Monday, October 30, 2006

A Writer's Best and Worst Tool

Over the years, especially since 1998, I've become dependent on the internet. I read and send emails (hundreds a day as a lot of my paying job involves corresponding that way), read blogs, and research in the internet.

Though you have to be careful what information you use from the wide world web, you can find a website for almost everything. It's wonderful.

But as with all things, it has a bad side. Before you know it hours have passed and I've not written one productive word. I mean productive as in words in a manuscript. You know, as in completing a book.

With that said, let me give you some of my favorite sites.

Your Dictionary - 100 Most Often Mispronounced Words and Phrases in English.
This is so cool. I hadn't realized I pronounced most of these words correctly. I always worry about that. Stuttering as a child, especially for one that loved to talk, was rough and made me work hard on my pronunciation.
I'm editor of another chapter's newsletter and I've found this to be helpful. Plus occasionally I'll need it for a WIP. It's so much fun to see what you can come up with. For example, "Surfing on the Internet is like sex; everyone boasts about doing more than they actually do. But in the case of the Internet, it's a lot more." Tom Fasulo

I believe Deborah Matthews found this one for me. Only writers would get a kick out of finding out how a word came to being.

See what I mean. Such great info, but if you're not careful so much time can be eaten up by nothing.

What about you? Where do you like to hang out on the internet and important information?

Sunday, October 29, 2006

A query about queries

Today at the meeting, Rick asked me what bio info I put in the query letter that got me an agent. I promised I'd post the letter. Here it is, with some explanation:

I saw on and your web site that you have made many recent sales of single title romances. I thought you might be interested in YOUR CHEATIN’ HEART, a single title romantic comedy of about 98,000 words. This novel is complete, and I have not submitted it to publishers.

[In actuality, I would tailor that paragraph to say exactly what the agent had sold that made me think he or she might like my novel too. You absolutely must do this. Your research on the agent should happen before you query the agent, not after the agent offers you representation. If you have two offers, of course you must weigh them against each other. But you shouldn't query anyone you're not almost positive you'd want to represent you. That would be a waste of your time and theirs.]

As a record company’s top agent in public relations crisis management, i.e., babysitter to the stars, SARAH SEVILLE just spent nine months in Rio trying to keep rock singer Nine Lives out of jail long enough to record his new album--and barely succeeded. Now she needs a triumphant success so that she can claim her promotion in the New York-based job she loves. Trouble is, her new assignment is to prevent the breakup of the raucous country band the Cheatin’ Hearts, headed by sexy QUENTIN COX. As she edges closer to Quentin, she discovers layers of secrets. It seems Quentin is taking the spin doctor for a spin.

The Cheatin’ Hearts have stayed on top of the charts two years following three rules. Rule One, no sex with other band members. Rule Two, no sex with reporters. Rule Three, no sex with record company spies. Quentin figures he’d better follow the rules, because he made them. And because if you break a rule, you’re out of the band. But he can’t resist this beautiful pink-haired girl, and inevitably he breaks Rule Three with hot Sarah Seville. As he falls for her, he finds out that she has plenty of secrets of her own, and one of them comes knocking on her door: what really happened to her in Rio.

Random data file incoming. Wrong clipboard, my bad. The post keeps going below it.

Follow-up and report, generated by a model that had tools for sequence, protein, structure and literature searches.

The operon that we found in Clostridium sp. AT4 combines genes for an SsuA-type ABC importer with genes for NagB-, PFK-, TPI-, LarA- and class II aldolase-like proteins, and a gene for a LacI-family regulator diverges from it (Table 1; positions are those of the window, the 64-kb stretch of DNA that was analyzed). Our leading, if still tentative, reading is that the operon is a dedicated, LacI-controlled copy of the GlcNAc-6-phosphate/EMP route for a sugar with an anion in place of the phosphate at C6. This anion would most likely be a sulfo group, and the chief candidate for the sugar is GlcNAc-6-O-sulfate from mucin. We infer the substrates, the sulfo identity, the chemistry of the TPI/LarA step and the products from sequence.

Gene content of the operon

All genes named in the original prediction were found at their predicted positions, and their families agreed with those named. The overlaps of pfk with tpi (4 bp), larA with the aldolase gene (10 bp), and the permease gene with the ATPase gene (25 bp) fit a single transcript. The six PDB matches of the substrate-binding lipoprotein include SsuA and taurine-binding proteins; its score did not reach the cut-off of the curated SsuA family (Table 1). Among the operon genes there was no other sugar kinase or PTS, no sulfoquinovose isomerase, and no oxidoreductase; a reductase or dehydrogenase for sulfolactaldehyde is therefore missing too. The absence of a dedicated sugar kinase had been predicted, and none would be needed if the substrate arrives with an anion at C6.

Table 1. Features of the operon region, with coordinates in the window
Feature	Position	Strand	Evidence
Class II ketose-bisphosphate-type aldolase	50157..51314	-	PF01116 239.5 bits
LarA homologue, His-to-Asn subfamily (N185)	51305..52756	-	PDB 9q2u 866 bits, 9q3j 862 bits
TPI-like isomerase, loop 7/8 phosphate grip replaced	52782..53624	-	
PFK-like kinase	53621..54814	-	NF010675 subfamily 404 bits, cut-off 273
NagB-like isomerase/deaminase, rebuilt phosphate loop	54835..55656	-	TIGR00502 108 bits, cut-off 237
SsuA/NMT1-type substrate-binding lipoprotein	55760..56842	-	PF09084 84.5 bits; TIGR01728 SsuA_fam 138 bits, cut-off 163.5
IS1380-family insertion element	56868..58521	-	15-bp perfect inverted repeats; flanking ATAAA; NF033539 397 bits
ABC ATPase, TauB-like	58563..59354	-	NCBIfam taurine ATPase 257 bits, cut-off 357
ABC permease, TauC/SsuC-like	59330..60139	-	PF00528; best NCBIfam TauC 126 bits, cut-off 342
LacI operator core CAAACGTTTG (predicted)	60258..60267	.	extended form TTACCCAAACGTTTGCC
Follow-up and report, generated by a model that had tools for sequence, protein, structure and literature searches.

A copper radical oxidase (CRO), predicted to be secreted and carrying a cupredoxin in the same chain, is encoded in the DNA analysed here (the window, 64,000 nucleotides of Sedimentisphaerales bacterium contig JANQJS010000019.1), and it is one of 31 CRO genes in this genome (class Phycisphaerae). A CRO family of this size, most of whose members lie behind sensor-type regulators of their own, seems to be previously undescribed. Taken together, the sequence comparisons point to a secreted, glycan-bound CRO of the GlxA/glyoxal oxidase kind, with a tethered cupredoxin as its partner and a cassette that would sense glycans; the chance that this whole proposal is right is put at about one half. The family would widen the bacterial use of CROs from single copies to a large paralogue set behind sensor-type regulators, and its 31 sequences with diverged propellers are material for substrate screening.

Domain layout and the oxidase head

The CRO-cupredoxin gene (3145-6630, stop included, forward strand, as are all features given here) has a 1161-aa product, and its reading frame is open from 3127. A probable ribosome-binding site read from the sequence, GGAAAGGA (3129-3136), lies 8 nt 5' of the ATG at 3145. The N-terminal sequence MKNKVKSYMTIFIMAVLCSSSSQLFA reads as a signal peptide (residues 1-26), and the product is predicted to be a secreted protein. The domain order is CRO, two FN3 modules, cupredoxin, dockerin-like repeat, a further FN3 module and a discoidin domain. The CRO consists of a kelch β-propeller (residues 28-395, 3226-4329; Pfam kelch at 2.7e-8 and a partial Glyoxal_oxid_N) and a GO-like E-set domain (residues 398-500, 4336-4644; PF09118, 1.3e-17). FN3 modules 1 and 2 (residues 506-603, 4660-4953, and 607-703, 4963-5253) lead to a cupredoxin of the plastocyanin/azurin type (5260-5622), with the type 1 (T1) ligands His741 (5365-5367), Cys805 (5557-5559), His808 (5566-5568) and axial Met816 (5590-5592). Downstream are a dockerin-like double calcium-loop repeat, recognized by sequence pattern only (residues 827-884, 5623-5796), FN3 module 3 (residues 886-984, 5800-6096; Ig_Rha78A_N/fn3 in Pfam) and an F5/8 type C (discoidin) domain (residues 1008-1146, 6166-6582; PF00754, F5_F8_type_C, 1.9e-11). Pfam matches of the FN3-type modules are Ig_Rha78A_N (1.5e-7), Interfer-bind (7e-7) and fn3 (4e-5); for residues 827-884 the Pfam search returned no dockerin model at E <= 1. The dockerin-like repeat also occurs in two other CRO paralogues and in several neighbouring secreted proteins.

[Two-paragraph summary of the book, styled like back cover copy.]

I’m a PRO member of Romance Writers of America. YOUR CHEATIN’ HEART is my ninth completed manuscript. I am a doctoral candidate in rhetoric and composition at the University of Louisville, and I have taught writing at Louisville, the University of Kentucky, and Auburn University. I have also edited and written for numerous newspapers and professional journals. I now live in Atlanta, where I work as a freelance copy editor for medical publications.

[If I had to do this over again, I would compose this paragraph as carefully as I composed the paragraphs about my book. I also might take out the "ninth completed manuscript" part. I think the jury is still out on whether this makes me look like a Dedicated Writer or a Loser. But in general, you want to list anything you've done that lets the agent know you can be the professional writer publishers need.]

Please find a SASE enclosed for your response. Thank you very much for your time. I look forward to hearing from you.

Please share your successful letters! Or if you have questions about your query, maybe we can help you. Post the parts that are giving you trouble.

Friday, October 27, 2006

Meanie Weanie

Let's look at the opposite of Christy's blog. Luckily, I've never had anyone say anything mean or nasty to me about writing romance. At least not to my face. I know authors who do get mean things said to them. Sometimes the person may not even knowing what they say is hurtful. Or have someone grab your book and read just the lovemaking part and laugh. Are they jealous or just trying to be witty? Violence is not a good response to these people.